The following is some prototype (throwaway) code, written to demonstrate how front-end developers can interact with my stateless session beans.
It's a nice, straightforward interface which is fairly intuitive. Select a skill and click the add button to include in your profile. The form will get POSTed, the selected skill and a default level added to the database, and the form redisplayed. Select the level (0-4) of familiarity with a particular skill or click on one of the delete buttons to remove the skill from your profile.
It's actually a fairly simple page, once you discount the EJB interface code, but it uses three JSP elements: directives, declarations and scriptlets. The directives are at the top of the file, enclosed by <%@ and %>. The page directive in this case indicates which classes the generated servlet will require. The declarations are enclosed by <%! and %> and exist at the class level, i.e. they are not included in the generated _jspService (per-call) method. The scriptlet code (enclosed by <& and &>) is included in the _jspService method.
We override the jspInit and jspDestroy methods in in our declarations section in order to obtain and release references to EJBs. It's more efficient to do this at the class level since we incur the overhead of the lookups only once. The first person to access the page will likely notice a slight delay but certainly not as much as the one which results from modification of the source. In that case the server has to compile the source down to a servlet.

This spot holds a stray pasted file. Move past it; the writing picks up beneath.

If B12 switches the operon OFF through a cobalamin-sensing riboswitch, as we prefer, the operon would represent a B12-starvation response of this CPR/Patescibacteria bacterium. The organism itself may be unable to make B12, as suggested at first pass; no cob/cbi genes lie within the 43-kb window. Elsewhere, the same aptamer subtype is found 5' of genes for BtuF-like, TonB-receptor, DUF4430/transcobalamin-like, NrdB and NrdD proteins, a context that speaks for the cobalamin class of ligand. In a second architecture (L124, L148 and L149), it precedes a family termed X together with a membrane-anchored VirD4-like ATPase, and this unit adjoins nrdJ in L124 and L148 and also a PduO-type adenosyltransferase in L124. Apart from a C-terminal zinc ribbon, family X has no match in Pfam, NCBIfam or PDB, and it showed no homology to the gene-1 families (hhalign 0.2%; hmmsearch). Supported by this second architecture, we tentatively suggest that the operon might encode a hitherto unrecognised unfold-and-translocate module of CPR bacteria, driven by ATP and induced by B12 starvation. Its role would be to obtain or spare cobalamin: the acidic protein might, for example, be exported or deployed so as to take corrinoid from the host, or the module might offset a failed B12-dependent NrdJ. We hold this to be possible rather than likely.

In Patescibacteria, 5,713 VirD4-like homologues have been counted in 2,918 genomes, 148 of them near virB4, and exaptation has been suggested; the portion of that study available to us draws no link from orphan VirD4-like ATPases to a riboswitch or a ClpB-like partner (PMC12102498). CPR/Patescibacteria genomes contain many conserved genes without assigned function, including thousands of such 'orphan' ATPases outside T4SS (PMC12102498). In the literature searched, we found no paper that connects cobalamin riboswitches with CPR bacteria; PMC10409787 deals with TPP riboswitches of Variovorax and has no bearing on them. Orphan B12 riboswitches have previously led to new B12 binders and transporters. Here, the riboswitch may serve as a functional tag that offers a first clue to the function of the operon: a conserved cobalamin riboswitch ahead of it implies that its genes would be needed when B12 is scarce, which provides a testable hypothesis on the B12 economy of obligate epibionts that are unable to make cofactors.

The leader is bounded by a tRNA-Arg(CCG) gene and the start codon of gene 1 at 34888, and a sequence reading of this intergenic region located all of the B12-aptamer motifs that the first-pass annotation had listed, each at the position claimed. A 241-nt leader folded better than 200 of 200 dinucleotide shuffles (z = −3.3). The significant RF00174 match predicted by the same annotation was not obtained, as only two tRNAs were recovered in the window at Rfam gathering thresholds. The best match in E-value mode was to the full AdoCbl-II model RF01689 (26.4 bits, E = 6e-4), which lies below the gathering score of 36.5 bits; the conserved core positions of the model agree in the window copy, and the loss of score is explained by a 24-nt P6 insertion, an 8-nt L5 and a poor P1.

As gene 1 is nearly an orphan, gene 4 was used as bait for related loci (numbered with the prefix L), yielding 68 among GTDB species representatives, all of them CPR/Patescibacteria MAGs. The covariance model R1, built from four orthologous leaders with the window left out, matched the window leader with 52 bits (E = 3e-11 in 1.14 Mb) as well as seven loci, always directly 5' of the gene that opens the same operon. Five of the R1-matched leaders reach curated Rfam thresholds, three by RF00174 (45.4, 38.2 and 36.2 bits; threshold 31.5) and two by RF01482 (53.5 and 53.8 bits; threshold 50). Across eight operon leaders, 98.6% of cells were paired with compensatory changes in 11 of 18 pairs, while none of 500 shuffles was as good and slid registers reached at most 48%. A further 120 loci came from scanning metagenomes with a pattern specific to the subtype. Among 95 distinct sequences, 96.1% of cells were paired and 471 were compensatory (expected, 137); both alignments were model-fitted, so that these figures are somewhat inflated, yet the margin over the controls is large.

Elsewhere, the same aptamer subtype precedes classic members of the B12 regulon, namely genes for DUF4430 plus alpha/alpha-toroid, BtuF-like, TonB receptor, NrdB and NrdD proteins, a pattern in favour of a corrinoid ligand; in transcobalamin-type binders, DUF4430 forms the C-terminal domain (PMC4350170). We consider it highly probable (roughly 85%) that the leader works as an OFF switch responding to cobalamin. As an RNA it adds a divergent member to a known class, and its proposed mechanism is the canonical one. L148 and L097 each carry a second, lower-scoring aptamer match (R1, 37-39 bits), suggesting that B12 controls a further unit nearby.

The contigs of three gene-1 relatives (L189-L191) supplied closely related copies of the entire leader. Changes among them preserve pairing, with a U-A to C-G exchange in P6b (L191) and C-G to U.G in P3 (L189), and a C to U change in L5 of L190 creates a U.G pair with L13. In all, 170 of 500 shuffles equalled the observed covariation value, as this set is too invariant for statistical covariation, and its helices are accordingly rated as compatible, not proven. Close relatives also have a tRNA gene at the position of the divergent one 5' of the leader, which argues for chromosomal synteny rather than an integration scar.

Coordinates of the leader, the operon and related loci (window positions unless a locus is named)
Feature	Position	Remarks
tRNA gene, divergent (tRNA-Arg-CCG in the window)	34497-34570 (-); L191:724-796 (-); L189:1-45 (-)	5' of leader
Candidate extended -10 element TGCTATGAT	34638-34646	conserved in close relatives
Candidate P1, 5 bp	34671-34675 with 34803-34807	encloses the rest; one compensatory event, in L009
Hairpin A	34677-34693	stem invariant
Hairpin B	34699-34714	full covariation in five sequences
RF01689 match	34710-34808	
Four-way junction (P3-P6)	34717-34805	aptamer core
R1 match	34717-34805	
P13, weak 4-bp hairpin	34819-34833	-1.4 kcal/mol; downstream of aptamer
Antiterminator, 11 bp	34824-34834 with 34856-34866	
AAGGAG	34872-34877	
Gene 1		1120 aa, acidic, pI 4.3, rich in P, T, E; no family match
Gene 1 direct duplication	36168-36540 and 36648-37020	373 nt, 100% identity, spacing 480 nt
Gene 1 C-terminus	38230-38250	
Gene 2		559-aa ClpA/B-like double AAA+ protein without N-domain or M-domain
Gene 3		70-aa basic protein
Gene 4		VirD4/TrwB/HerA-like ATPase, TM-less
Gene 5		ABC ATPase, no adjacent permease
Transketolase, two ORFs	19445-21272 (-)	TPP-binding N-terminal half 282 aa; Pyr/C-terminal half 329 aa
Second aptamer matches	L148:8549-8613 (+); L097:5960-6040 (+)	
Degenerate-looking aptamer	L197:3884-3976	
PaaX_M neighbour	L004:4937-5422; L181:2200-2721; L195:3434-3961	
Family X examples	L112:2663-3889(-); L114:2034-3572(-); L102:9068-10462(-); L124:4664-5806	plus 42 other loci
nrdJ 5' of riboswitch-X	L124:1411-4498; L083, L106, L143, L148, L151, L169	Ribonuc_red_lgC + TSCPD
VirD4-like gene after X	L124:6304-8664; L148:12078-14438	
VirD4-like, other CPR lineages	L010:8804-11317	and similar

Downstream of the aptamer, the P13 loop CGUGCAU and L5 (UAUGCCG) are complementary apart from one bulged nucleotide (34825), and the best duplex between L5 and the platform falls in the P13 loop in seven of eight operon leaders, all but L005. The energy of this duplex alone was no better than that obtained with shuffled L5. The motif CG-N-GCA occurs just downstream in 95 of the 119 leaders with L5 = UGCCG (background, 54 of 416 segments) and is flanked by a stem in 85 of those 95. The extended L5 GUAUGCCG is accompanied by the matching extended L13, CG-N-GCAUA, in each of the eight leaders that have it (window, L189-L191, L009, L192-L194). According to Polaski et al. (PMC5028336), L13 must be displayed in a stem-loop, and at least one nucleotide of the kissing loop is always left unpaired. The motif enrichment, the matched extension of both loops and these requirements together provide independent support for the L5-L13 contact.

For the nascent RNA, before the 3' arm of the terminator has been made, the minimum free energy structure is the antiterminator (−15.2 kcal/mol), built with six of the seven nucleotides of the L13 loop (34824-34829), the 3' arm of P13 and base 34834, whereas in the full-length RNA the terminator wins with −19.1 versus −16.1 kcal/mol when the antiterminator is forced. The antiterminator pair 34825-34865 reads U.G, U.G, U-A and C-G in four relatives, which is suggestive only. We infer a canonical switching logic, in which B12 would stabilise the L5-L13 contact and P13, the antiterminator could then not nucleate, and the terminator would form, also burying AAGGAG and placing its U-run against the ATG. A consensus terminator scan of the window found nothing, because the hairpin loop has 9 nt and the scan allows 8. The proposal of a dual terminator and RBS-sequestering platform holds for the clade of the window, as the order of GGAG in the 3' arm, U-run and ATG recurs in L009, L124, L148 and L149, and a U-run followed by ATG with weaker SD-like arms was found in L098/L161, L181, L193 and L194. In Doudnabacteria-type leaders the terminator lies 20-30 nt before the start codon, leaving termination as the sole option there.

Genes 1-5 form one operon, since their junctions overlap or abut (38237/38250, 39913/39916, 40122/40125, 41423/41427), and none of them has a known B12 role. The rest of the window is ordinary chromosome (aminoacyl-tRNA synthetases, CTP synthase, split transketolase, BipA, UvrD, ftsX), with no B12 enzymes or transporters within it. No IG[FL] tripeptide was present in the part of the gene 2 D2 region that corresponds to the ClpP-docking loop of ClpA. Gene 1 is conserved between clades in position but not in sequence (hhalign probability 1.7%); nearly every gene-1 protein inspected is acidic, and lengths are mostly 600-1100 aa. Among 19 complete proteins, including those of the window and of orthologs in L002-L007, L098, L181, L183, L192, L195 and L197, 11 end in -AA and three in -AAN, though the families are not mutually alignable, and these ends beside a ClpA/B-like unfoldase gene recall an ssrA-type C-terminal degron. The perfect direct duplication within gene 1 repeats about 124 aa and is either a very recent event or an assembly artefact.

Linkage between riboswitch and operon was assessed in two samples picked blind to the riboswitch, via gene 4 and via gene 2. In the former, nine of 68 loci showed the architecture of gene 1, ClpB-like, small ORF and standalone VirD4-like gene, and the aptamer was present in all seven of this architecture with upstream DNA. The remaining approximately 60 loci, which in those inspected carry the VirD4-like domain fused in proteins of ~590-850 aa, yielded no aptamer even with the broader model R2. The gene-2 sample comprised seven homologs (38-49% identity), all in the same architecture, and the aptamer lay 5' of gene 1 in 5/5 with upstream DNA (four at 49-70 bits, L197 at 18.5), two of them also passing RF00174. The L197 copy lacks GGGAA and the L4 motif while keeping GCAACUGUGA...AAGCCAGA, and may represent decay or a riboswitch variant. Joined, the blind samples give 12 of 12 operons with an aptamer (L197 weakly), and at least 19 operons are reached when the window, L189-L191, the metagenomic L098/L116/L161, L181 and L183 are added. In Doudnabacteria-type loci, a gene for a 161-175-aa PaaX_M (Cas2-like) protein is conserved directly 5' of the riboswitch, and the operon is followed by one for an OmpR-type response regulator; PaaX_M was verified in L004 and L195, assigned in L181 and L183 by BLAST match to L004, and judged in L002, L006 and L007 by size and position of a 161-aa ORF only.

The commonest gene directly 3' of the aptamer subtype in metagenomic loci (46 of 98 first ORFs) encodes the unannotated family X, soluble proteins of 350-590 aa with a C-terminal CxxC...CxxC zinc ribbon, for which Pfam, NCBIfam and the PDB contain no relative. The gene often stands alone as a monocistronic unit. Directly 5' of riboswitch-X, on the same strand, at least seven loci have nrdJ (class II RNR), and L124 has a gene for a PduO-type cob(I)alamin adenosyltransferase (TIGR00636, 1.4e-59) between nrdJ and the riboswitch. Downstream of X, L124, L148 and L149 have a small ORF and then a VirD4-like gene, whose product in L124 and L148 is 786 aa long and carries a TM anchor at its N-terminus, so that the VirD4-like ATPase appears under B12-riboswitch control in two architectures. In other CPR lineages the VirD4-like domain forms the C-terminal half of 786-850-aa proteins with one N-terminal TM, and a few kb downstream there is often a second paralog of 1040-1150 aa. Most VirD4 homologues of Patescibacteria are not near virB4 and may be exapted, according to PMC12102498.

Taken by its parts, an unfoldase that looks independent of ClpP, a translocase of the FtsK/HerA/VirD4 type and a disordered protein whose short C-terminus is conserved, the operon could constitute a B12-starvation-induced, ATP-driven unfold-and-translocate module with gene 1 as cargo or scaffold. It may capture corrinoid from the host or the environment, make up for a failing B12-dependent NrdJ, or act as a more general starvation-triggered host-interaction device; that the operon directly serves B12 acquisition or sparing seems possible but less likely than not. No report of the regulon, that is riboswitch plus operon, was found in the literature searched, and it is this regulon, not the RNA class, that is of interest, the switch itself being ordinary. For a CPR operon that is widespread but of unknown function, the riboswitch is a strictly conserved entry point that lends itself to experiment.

There are three scriptlets in this code. The first one is executed as soon as the _jspService routine is entered and is responsible for processing the form contents, if any. It interacts with the stateless session EJB to maintain user information in the back-end database. If a user adds a skill, deletes a skill or modifies a skill level, the information is both reflected to the database and maintained locally in a Hashtable. It's important to note that all of the submit buttons in the form have the name attribute defined. That way the value of the element is passed as a parameter so that we can access it using the request.getParameter() method.
I didn't get around to programming the JSP error page as this was never meant for production. Still, it does illustrate some of the basic concepts and works quite well. Those of you familiar with servlet programming will observe how I use the response.sendRedirect() method to move to the next page. I simply prefer this approach to one which uses all kinds of intermediate pages, such as in the Sun examples. So whether you write servlets and import the HTML or write JSPs and include the Java source, the end-result is the same. Six of one, half-dozen of the other.
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